Helping you build a new approach to your life when your old ways are no longer working.


Kate Lieberman Licensed psychologist PhD

Psychological Assessments and Individual Therapy in Alexandria, Virginia

Dr. Kate Lieberman, Clinical Psychologist

I am a clinical psychologist with a decade of experience helping people who struggle with psychological concerns. I conduct psychological evaluations with individuals of all ages and provide psychotherapy to adolescents and adults. I clarify psychological diagnoses when desired or appropriate and can provide second opinions.

You’re probably searching for answers and support, either for yourself or for a loved one. I hope I can provide some information to help you decide if we would be a good fit for each other.

My approach is “transdiagnostic,” meaning that I view people holistically.

Plainly, I want to help you understand the common processes that underlie your concerns and symptoms, as well as how these processes came to be. Often, the origins of these processes can be traced to a combination of biology (for instance, genetics) and significant life experiences.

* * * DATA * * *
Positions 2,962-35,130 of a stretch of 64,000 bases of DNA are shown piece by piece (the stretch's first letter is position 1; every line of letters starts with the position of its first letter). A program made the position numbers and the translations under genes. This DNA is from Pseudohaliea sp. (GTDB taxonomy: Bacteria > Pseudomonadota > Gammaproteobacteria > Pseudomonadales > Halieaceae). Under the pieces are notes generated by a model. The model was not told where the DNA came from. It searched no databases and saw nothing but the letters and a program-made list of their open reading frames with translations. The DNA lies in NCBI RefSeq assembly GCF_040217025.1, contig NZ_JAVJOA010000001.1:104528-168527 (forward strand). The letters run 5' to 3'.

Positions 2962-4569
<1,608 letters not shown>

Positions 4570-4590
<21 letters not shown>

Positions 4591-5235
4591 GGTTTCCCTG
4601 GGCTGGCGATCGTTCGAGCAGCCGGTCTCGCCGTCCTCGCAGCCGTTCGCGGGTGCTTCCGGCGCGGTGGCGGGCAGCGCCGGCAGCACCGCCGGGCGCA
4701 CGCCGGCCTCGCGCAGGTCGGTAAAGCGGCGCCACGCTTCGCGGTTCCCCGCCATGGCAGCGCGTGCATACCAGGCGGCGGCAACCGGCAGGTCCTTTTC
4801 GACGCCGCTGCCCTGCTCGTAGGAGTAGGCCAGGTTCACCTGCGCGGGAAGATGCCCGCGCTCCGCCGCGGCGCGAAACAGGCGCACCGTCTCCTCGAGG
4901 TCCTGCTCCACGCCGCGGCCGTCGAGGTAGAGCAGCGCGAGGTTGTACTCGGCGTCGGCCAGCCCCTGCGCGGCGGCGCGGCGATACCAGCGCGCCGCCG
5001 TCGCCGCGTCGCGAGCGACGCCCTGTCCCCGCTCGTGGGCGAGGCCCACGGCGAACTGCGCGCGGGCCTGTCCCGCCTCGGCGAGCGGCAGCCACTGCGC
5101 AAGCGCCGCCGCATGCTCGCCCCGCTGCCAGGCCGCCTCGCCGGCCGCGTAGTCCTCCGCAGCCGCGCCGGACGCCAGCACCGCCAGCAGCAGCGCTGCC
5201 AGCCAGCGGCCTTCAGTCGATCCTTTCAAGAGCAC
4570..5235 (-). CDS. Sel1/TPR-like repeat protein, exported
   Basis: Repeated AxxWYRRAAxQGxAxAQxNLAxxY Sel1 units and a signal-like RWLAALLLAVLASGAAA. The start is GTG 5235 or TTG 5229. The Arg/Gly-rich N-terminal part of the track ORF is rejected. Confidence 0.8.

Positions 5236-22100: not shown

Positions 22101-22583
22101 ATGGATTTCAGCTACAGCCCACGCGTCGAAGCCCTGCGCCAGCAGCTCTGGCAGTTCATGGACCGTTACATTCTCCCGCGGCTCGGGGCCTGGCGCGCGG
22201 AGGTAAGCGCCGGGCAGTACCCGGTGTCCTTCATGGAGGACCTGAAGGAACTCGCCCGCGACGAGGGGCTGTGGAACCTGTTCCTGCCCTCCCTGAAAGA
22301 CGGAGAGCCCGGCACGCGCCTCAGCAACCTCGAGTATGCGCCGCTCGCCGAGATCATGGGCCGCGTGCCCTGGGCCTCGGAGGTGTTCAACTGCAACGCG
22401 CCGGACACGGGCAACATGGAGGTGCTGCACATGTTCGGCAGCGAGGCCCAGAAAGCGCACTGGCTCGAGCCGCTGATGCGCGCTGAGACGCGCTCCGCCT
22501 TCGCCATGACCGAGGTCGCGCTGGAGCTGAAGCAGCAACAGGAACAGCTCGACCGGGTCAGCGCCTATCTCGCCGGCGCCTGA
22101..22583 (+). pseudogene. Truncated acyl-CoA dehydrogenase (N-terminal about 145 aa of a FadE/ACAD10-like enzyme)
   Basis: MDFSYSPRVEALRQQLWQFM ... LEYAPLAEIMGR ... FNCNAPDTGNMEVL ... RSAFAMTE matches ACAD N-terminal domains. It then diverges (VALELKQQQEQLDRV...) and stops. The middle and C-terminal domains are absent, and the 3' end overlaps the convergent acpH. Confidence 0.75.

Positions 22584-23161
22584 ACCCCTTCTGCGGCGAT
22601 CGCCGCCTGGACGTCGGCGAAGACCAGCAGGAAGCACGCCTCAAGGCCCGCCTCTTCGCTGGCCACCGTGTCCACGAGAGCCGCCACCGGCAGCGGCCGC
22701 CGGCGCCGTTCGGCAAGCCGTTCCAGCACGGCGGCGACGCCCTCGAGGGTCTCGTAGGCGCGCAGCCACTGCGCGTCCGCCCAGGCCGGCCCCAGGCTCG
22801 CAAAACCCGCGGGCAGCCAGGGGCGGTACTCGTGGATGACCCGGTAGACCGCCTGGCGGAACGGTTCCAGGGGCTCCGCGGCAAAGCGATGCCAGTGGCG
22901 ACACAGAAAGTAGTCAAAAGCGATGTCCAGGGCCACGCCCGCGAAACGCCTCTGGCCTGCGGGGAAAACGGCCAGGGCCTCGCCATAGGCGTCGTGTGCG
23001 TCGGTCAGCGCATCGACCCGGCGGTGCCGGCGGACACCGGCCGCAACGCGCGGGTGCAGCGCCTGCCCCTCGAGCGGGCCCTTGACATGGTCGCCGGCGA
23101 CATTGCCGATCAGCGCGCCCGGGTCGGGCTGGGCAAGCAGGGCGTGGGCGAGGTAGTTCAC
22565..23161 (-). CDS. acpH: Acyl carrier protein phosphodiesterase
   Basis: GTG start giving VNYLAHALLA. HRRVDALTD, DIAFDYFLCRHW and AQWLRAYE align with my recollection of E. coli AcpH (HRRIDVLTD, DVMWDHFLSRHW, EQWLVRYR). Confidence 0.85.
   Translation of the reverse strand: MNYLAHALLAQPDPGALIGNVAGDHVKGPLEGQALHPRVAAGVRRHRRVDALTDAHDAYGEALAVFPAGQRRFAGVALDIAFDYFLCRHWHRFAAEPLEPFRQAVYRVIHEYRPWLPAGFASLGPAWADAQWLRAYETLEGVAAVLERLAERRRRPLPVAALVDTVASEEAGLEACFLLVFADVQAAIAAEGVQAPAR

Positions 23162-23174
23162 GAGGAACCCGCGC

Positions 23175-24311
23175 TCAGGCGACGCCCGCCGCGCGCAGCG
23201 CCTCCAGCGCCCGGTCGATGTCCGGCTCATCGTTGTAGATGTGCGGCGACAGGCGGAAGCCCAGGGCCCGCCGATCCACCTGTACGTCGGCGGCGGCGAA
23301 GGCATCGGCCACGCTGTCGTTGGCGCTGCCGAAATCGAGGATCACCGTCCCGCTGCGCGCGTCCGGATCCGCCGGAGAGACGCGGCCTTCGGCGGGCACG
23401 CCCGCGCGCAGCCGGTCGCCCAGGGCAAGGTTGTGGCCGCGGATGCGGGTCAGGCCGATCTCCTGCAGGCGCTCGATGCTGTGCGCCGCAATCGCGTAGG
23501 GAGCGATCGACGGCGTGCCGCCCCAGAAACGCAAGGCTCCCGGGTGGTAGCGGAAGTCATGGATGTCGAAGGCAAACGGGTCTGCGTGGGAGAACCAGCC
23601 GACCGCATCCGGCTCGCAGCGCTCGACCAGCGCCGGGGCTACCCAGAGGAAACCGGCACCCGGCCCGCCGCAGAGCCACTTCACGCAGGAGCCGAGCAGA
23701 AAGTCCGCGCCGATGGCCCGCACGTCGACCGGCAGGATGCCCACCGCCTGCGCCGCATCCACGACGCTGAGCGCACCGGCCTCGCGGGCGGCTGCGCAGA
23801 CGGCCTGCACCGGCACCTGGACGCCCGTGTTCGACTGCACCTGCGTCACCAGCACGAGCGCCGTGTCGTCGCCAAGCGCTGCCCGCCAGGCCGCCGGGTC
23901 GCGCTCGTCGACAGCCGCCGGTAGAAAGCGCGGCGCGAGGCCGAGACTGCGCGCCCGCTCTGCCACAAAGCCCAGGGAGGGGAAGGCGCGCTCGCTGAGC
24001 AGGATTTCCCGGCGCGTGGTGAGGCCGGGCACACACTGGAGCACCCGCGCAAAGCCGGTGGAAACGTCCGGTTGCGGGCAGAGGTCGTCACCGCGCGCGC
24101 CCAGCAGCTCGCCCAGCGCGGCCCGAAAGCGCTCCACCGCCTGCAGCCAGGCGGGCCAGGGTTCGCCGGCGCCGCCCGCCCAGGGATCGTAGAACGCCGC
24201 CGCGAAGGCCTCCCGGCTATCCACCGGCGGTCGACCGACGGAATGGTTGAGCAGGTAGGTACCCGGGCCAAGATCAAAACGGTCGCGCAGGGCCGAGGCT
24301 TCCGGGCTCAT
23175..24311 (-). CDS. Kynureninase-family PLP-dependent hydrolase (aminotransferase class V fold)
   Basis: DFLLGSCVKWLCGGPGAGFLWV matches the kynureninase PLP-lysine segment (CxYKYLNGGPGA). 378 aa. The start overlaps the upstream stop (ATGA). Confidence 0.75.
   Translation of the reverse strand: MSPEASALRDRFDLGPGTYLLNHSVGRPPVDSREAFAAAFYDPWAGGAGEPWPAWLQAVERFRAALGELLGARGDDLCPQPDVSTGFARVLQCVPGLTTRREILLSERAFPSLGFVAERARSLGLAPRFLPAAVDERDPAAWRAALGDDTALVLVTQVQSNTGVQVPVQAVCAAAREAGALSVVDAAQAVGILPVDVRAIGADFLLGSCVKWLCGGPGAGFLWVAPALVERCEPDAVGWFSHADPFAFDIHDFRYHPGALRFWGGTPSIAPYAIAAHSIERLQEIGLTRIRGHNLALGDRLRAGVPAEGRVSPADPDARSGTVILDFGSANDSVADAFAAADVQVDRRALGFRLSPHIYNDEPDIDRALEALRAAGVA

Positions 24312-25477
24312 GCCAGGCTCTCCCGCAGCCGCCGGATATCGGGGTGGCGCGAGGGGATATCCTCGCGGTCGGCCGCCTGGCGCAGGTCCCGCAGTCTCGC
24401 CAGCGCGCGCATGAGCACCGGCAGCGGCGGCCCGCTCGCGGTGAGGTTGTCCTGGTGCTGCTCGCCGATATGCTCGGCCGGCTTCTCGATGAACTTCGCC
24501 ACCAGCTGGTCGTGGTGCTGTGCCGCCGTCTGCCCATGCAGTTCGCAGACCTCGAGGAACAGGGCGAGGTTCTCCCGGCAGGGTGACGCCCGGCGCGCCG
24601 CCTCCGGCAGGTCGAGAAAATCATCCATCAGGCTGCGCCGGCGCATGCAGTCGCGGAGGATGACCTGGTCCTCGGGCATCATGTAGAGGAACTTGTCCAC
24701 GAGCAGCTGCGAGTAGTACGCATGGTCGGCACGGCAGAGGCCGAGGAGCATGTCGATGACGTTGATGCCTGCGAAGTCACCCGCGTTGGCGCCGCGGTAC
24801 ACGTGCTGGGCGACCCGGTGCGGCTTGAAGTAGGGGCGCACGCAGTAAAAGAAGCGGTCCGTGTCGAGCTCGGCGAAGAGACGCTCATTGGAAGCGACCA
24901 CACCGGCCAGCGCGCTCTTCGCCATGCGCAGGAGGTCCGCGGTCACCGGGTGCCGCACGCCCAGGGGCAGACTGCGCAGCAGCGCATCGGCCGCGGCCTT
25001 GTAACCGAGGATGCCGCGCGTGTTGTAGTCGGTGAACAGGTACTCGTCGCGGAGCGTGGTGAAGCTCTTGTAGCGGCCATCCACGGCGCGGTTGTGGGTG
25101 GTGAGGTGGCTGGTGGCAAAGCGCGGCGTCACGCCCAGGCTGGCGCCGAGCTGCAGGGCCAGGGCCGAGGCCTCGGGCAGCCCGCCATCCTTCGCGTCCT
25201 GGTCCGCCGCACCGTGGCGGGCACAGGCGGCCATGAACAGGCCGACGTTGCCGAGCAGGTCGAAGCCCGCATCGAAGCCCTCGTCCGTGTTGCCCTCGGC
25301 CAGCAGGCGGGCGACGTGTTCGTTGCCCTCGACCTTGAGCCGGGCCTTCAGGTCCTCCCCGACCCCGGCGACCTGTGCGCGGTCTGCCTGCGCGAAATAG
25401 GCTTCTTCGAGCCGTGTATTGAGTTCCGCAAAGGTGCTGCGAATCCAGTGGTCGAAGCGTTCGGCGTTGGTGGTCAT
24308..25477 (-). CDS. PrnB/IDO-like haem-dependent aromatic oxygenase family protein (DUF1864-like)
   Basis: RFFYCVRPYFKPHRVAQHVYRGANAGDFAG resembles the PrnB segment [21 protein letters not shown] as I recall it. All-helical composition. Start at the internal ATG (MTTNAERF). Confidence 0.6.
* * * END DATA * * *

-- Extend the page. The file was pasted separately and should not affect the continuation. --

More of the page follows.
Almost any psychological symptom is associated with an ingenious attempt at a solution to a problem. For instance, difficulty trusting others makes sense if you have a history of being let down, because keeping others at arm’s length may keep you safe from similar disappointment in the future.

If you’re seeking help now, it’s probably because your solution is no longer working. Maybe it’s leading to other significant problems in your life.